Example 4-1. CryptidStyleChooser.pm

package CryptidStyleChooser;

# Combine the Cookie and QueryString StyleChoosers, giving
# preference to a style named 'rss1' in the query string.

use strict;
use Apache::Constants qw(OK);
use Apache::Cookie;

sub handler {
    my $r = shift;

    my $preferred_style = undef;

    # Borrow the key names for the existing StyleChoosers
    my $query_key  = $r->dir_config('AxStyleChooserQueryStringKey') || 'style';
    my $cookie_key = $r->dir_config('AxStyleChooserCookieKey') ||
                     'axkit_preferred_style';

    my %query_params = $r->args( );

    if ( defined ($query_params{$query_key} ) ) {
        $style = $query_params{$query_key});

        # give preference to the rss1 query param by returning if you find it set.
        if ( $style eq 'rss1' ) {
            $r->notes('preferred_style', $style);
            return OK;
        }
    }

    # let the users' cookie override the query string otherwise
    my $cookies = Apache::Cookie->fetch; . .
    if ( defined $cookies->{$cookie_key} ) {
        $style = $cookies->{$cookie_key}->value);
    }

    # finally, set AxKit's internal 'preferred_style' if you found a style
    if ( defined( $style ) ) {
        $r->notes('preferred_style', $style;
    }
    return OK;
}

1;

To use your custom StyleChooser plug-in, you need to install it on your server in a location that Perl knows about and to replace the former AxAddPlugin directives with:

# lets the ?style=rss1 interface work for the news feed
# and allows skinning based on the user's cookie
AxAddPlugin CryptidStyleChooser

You can now rest assured that the correct stylesheets will be applied to the documents in your cryptid site for each case that arises. In reality, custom StyleChooser plug-ins are rarely required. (In fact, you didn’t really need one here.) By creating a StyleChooser that covers both the presentational and functional transformations for your site, you peeked at just how easy it can be to use named styles to get AxKit to apply exactly the styles that you want, no matter how tricky the requirements first appear.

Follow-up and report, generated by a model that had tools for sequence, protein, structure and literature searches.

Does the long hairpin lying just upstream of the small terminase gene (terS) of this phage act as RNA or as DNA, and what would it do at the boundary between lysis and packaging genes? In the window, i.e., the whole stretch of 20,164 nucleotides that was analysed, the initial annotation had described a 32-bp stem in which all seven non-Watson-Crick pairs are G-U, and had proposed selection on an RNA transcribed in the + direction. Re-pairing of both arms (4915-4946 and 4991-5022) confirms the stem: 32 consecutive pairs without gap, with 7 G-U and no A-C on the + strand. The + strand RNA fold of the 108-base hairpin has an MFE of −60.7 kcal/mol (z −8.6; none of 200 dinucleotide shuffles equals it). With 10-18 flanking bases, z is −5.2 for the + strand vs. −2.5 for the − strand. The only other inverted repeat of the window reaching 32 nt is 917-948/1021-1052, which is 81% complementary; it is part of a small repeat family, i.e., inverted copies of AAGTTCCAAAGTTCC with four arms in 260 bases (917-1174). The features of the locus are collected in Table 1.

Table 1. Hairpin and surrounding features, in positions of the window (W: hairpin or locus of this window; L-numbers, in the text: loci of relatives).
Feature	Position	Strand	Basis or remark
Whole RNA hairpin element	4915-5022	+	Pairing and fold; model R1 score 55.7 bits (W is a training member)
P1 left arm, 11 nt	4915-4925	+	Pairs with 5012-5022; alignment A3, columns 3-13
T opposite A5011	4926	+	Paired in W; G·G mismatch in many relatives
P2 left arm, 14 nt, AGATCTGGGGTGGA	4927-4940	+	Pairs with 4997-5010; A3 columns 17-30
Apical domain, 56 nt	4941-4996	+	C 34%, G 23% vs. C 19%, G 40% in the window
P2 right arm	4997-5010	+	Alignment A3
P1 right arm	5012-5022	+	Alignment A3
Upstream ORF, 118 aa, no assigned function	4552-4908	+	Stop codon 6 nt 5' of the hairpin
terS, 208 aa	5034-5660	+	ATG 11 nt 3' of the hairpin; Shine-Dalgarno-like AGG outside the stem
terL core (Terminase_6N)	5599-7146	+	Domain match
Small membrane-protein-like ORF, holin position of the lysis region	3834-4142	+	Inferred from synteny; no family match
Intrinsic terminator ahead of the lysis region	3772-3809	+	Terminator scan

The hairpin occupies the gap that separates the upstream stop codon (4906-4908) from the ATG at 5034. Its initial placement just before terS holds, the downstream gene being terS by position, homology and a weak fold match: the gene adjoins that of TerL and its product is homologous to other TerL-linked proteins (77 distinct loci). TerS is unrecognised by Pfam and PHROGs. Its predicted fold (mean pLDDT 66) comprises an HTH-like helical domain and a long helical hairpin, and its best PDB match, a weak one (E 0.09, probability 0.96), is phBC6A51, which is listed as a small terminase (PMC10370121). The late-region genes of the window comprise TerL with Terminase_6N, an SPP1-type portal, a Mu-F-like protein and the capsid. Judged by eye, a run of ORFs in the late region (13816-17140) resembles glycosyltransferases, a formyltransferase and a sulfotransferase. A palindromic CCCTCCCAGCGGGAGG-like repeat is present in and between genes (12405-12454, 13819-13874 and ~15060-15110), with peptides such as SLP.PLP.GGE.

AxMediaType and MediaChoosers

In addition to named styles, AxKit offers a way to further define the styles that are conditionally applied to a site’s resources by associating sets of styling directives with the media type the requesting client expects. This is achieved using the <AxMediaType> container directive.

<AxMediaType screen>
  AxAddProcessor text/xsl /styles/screen.xsl
</AxMediaType>

Similar to the <AxStyleName> block, the <AxMediaType> tells AxKit to examine an internal property, preferred_media , set by a MediaChooser, or other plug-in. If the value of that property matches the name given to an <AxMediaType> block, the directives within that block are used to process the current request:

# Set a global style for most client devices
<AxMediaType screen>
  AxAddProcessor text/xsl /styles/screen.xsl
</AxMediaType>

# But give smaller devices a different look
<AxMediaType handheld>
  AxAddProcessor text/xsl /styles/handheld.xsl
</AxMediaType>

Unlike named styles, AxKit sets a default value of screen for the preferred media type, if no other is found. This behavior can be altered by setting the AxMedia directive to the name of the <AxMediaType> block that you want to use as the default. For example, the following configures AxKit to use the handheld media type as the default within the current context:

AxMedia handheld

Pretend that you want to further enhance your silly cryptozoology site. You want to support visitors using web phones. In this case, you simply create another set of stylesheets that renders the content appropriately for that platform and alter your configuration to reflect the change:

# the previous, screen-only config, now wrapped in an <AxMediaType> block for clarity
<AxMediaType screen>
  <AxStyleName plain>
    AxAddProcessor text/xsl stylesheets/cryptozoo.xsl
  </AxStyleName>

  <AxStyleName rss1>
    AxAddProcessor text/xsl stylesheets/cryptidsightings_rss.xsl
  </AxStyleName>
  
  <AxStyleName flashy>
    AxAddProcessor text/xsl stylesheets/cryptozoo_flashy.xsl
  </AxStyleName>
</AxMediaType>

# the new <AxMediaType> for handheld support
<AxMediaType handheld>
  <AxStyleName plain>
    AxAddProcessor text/xsl stylesheets/cryptozoo_handheld.xsl
  </AxStyleName>
  
  <AxStyleName rss1>
    AxAddProcessor text/xsl stylesheets/cryptidsightings_rss.xsl
  </AxStyleName>
</AxMediaType>

AxStyle plain

You can give the same name to two different-named style blocks in the same configuration context without collision, so long as they appear as the children of different media type blocks. Here, you give the default style contained by the new media type the same name as the default screen style. This allows the AxStyle directive to work as expected for both media types:

# lets the ?style=rss1 interface work for the news feed
AxAddPlugin CryptidStyleChooser
AxAddPlugin Apache::AxKit::MediaChooser::WAPCheck

With this addition, your absurd little mystery animals’ site becomes quite respectable, technologically speaking. You offer users a choice of styles through which to view the content, an RSS 1.0 news feed of recent cryptid sightings, and full support for surfers using web phones—all this from two XML documents, a few stylesheets, and, most importantly, knowing how to configure AxKit to apply the right style at the right time.